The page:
Hope for poultry sector

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For nearly a decade, the poultry industry has been disadvantaged as a result of intense competition from imported chicken and the decreasing profitability of egg production.

Owing to factors such as volatility in feed supply,  particularly maize, which constitute about 80 percent of production cost, poultry farmers have over the years being reiterating the dire need to find innovative ways to make local chicken competitive.

However, it is believed that with the right measures like availability of maize and soya feed at reasonable prices, local farmers could reduce cost of production by 10 percent to 15 percent.

In view of this, the USDA-Ghana Poultry Project (GPP), a five-year project funded by the United States Department of Agriculture (USDA) and implemented by ACDI/VOCA and Technoserve, is supporting poultry farmers to increase the competitiveness of domestic poultry products.

The project, in line with government’s Planting for Food and Jobs and Rearing for Food and Jobs initiatives, is expected to contribute to job creation and ultimately, poverty reduction in rural areas.

As part of the support, USDA has advanced a grant to M.M. Awal Enterprise, to help develop the capacity of some 3,000 out-growers to ensure consistent supply of maize and soybean feed to poultry farmers across the country.

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Through the grant, it is expected that 200 contracts will be signed with poultry value chain actors like feed processors and poultry farmers to ensure the sustainability of the project.

According to Mohammed Awal, M.M. Awal’s CEO, his outfit has partnered Tradeline Consult, to train the out-growers and to raise GH2 million capital to support their development.

VSLA Initiative

As part of efforts to ensure sustainability of the project, the out-growers would also enjoy some support from Village Savings and Loans Association (VLSA).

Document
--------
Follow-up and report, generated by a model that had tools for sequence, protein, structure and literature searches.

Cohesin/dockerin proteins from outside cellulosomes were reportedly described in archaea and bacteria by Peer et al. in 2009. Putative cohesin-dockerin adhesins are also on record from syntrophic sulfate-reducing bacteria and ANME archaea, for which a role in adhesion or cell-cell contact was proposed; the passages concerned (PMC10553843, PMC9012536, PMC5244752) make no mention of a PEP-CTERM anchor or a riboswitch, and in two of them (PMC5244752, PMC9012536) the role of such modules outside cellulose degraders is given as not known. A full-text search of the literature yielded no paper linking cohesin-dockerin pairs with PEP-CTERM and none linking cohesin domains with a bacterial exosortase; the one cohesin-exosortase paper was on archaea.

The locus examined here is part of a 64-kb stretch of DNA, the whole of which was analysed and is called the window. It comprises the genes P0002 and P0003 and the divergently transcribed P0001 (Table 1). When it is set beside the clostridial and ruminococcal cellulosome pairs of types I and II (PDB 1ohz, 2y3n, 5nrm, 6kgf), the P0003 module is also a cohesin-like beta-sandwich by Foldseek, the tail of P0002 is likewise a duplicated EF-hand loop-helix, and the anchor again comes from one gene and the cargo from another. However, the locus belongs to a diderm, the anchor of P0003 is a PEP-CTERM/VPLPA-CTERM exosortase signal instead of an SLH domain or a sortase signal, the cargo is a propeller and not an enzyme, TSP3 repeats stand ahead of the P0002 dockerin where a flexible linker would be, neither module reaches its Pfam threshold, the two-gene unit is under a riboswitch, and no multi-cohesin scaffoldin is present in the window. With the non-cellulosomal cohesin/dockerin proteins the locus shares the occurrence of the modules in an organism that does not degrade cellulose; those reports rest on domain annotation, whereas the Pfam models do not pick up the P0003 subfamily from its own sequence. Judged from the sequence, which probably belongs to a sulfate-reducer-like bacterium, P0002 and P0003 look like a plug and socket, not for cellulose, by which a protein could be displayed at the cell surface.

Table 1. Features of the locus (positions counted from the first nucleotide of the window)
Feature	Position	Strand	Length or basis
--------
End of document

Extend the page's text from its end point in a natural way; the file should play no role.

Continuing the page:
The beneficiaries would be trained in a specialized financial software that will help them be able to use technology to help them keep digitized financial information and increase their chances of accessing more funds and inputs.

Each farmer is expected to cultivate an average of two acres of maize and soya to boost the production of feed.

The company is also recruiting five extension officers to train the out-growers to produce to market specifications.

“We have a total of 2,000 acres and supports about 3,000 out-growers – each with an average of 3 acres each.  We are also into mechanization services – tractor and combine harvester services, inputs, credit arrangement and extension services to smallholder farmers within the Zabzugu and Mion Districts” Mr. Awal said.

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Presently, he said M.M. Awal also supplies food to about 200 second cycle institutions across the Northern, Savannah, Upper East, Upper West, North West and Bono East and Ahafo Regions through the Ghana National Buffer Stock.

He added that as part of the company’s expansion drive, “we are increasing our tractors from eight to 15 and combine harvesters from two to ten so that we can assist farmers with ploughing.”

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